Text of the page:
To understand the power of free thinking, I recommend reading , “My Bondage and My Freedom” by Frederick Douglass. Here is a free gutenberg.org version, but I have it downloaded on my kindle, so here is the free kindle version too.
Frederick Douglass was born an American slave in 1818 in Maryland and he died a champion of human rights, an abolitionist, a writer, renowned orator, but most of all a FREE man in 1895. (short bio here).
Douglass relates how as a slave, learning to read was forbidden, but a white mistress undertook teaching him to read for a short time, before being reprimanded by her husband. From that point on, Douglass embarked on a secret, dangerous mission to educate himself:
“Seized with a determination to learn to read, at any cost, I hit upon many expedients to accomplish the desired end. The plea which I mainly adopted, and the one by which I was most successful, was that of using my young white playmates, with whom I met in the streets as teachers. I used to carry, almost constantly, a copy of Webster’s spelling book in my pocket; and, when sent of errands, or when play time was allowed me, I would step, with my young friends, aside, and take a lesson in spelling. I generally paid my tuition fee to the boys, with bread, which I also carried in my pocket. For a single biscuit, any of my hungry little comrades would give me a lesson more valuable to me than bread. Not every one, however, demanded this consideration, for there were those who took pleasure in teaching me, whenever I had a chance to be taught by them.”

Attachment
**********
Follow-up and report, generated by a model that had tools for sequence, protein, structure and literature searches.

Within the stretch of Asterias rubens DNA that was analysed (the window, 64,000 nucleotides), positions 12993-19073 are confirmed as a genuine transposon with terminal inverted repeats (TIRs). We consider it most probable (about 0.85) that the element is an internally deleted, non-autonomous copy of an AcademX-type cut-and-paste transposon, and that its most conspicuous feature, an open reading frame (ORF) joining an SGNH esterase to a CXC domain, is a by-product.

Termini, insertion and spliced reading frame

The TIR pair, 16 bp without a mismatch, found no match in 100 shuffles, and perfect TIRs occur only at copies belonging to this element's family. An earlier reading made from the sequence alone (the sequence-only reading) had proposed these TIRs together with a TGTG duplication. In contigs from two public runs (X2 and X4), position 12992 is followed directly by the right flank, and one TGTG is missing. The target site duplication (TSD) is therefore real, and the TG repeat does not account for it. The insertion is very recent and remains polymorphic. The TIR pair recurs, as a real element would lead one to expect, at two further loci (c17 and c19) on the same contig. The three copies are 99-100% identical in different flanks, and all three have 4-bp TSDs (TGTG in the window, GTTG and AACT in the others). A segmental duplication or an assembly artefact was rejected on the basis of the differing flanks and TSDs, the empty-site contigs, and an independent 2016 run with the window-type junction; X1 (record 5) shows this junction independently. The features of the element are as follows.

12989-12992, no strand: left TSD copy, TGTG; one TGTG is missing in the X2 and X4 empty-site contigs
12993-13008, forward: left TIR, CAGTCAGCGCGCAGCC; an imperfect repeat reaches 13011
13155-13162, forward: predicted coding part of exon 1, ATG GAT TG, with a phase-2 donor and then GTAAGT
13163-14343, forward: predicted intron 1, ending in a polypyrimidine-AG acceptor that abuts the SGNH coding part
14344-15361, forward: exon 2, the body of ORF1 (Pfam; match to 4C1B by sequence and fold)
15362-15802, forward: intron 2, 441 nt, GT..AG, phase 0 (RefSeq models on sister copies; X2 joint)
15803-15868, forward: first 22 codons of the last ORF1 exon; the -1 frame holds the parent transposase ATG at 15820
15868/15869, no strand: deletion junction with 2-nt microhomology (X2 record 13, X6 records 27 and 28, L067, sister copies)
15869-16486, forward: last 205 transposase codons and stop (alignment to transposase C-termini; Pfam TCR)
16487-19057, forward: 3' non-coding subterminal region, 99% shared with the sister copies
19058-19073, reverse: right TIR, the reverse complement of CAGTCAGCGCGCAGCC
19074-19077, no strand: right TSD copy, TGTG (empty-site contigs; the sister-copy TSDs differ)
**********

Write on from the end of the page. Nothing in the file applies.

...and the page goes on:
Douglass, Frederick (2009-10-04). My Bondage and My Freedom (p. 85). Public Domain Books Kindle Edition.
Douglass heard some white boys mention a schoolbook, The Columbian Orator, and determined to acquire a copy. He bought a copy for fifty cents. The Columbian Orator was a popular 19th century schoolbook filled with speeches and essays, geared to promote republican virtues (in other words, good citizenship, if you are living in a republic like the United States of America) and patriotism. To quote Douglass:
“I had now penetrated the secret of all slavery and oppression, and had ascertained their true foundation to be in the pride, the power and the avarice of man. The dialogue and the speeches were all redolent of the principles of liberty, and poured floods of light on the nature and character of slavery. With a book of this kind in my hand, my own human nature, and the facts of my experience, to help me, I was equal to a contest with the religious advocates of slavery, whether among the whites or among the colored people, for blindness, in this matter, is not confined to the former. I have met many religious colored people, at the south, who are under the delusion that God requires them to submit to slavery, and to wear their chains with meekness and humility. I could entertain no such nonsense as this; and I almost lost my patience when I found any colored man weak enough to believe such stuff.”
Douglass, Frederick (2009-10-04). My Bondage and My Freedom (p. 87). Public Domain Books. Kindle Edition.
“Once awakened by the silver trump of knowledge, my spirit was roused to eternal wakefulness. Liberty! the inestimable birthright of every man, had, for me, converted every object into an asserter of this great right. It was heard in every sound, and beheld in every object. It was ever present, to torment me with a sense of my wretched condition. The more beautiful and charming were the smiles of nature, the more horrible and desolate was my condition.”
Douglass, Frederick (2009-10-04). My Bondage and My Freedom (pp. 87-88). Public Domain Books. Kindle Edition.